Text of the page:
Alexander Graham Bell Letter, 1870 Transcription return to item page

18 Harrington Sqr. N.W. London
May 10th 1870
Dear Sir

In the Report for 1867 of the New York Institution for the Instruction of the Deaf and Dumb, I find you use the following words:

“The Committee of Instruction, at its meeting in September, authorized me to confer with some intelligent young man who had received a thorough medical education, with a view to his becoming a professor of articulation in the Institution … I have taken steps in the direction indicated by the Committee, but have not yet succeeded in finding a man qualified for this important post.”
Perhaps you have by this time been successful, but if not, I should like you to know that I am peculiarly fitted for the work required having been specially trained in this department for the purpose of correcting defects of speech. I have been engaged in teaching Articulation for the last six years. My age is twenty-three.

My name, I believe, is not unknown to you. I am a son of Mr. A. Melville Bell, Professor of Vocal Physiology, and author of “Visible Speech,” who had the pleasure of making your acquaintance in 1868.

I have recently superintended the progress of four deaf-and-dumb children who have been taught articulation by means of Visible Speech, and I have become so much interested in the work, that I should be willing to devote myself entirely to the teaching of the deaf-and-dumb if a suitable field presented itself.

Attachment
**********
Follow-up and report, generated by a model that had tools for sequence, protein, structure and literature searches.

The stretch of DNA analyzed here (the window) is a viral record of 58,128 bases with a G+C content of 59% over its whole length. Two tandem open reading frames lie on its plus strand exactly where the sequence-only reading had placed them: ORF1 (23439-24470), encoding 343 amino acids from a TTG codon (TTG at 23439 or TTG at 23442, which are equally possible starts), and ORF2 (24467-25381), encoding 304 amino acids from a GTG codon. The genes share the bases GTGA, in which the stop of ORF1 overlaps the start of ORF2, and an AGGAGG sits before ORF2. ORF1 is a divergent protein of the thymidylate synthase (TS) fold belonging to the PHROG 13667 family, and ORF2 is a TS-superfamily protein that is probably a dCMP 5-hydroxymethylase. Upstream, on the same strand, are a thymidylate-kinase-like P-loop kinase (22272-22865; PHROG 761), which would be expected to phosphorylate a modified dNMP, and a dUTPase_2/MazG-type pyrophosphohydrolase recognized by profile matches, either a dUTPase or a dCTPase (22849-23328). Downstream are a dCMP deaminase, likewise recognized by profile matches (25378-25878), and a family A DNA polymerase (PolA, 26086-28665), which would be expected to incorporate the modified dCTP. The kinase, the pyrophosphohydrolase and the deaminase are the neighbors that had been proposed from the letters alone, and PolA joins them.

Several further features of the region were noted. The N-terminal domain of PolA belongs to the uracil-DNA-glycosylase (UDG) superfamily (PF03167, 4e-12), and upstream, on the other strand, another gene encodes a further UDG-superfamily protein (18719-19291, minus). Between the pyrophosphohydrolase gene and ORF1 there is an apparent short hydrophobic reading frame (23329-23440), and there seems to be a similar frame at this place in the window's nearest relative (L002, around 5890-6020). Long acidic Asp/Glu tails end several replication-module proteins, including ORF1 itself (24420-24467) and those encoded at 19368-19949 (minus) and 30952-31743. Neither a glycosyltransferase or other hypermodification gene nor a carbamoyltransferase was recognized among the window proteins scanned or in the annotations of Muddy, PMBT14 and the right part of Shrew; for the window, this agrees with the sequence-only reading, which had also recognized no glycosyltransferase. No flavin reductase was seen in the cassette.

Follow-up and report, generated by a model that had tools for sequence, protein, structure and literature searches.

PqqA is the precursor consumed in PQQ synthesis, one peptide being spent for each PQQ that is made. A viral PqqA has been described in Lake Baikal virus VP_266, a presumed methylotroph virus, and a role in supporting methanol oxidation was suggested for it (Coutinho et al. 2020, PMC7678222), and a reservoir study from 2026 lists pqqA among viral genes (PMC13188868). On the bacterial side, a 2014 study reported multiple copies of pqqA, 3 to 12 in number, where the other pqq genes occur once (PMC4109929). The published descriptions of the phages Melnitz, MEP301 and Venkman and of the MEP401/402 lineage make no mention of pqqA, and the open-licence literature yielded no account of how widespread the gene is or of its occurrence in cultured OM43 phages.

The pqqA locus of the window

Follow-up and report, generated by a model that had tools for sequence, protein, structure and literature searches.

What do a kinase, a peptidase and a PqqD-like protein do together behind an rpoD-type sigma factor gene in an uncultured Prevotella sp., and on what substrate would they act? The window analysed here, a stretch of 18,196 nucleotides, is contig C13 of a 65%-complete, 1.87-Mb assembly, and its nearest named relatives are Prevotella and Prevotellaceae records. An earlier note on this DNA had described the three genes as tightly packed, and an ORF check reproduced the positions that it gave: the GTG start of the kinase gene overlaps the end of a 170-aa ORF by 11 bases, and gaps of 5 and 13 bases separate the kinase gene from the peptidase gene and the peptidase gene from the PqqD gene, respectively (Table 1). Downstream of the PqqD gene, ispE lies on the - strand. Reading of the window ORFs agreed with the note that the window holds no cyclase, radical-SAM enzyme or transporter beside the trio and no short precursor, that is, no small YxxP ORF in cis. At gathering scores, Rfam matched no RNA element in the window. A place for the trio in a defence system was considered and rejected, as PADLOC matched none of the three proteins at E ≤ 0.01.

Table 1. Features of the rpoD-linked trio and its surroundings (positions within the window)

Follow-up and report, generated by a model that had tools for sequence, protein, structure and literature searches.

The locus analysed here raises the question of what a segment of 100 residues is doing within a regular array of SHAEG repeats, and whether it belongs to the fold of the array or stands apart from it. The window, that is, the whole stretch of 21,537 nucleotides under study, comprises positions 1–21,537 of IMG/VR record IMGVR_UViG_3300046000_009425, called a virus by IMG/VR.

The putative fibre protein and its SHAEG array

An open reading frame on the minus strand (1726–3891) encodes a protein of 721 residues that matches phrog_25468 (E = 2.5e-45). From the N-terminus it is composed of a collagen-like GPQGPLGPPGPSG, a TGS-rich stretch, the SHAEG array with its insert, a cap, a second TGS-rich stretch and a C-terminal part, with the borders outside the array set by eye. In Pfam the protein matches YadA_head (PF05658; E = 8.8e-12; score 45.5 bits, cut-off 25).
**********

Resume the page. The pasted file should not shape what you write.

I am told by those who have had an opportunity of hearing my pupils that they already articulate better than the majority of those who have been otherwise instructed for a much longer period. Two of the little girls are congenitally deaf.

In regard to Medical Education, I may say that I am a student of Medicine and Science—an undergraduate of the London University.

I had contemplated graduating only in Science; but, if a medical degree would render me more eligible for the Professorship of Articulation in the New York institution, I should, in view of a satisfactory arrangement, continue my medical studies, and pay particular attention of Aural Surgery.

Requesting the favour of a reply at your earliest convenience—

I am, dear Sir,

Yours very truly

A. Graham Bell.

I.L. Peet Esq., M.A.

A. Graham Bell with reference to teaching articulation May 10, 1870 announced his candidation at the Convention held Aug. 24/70
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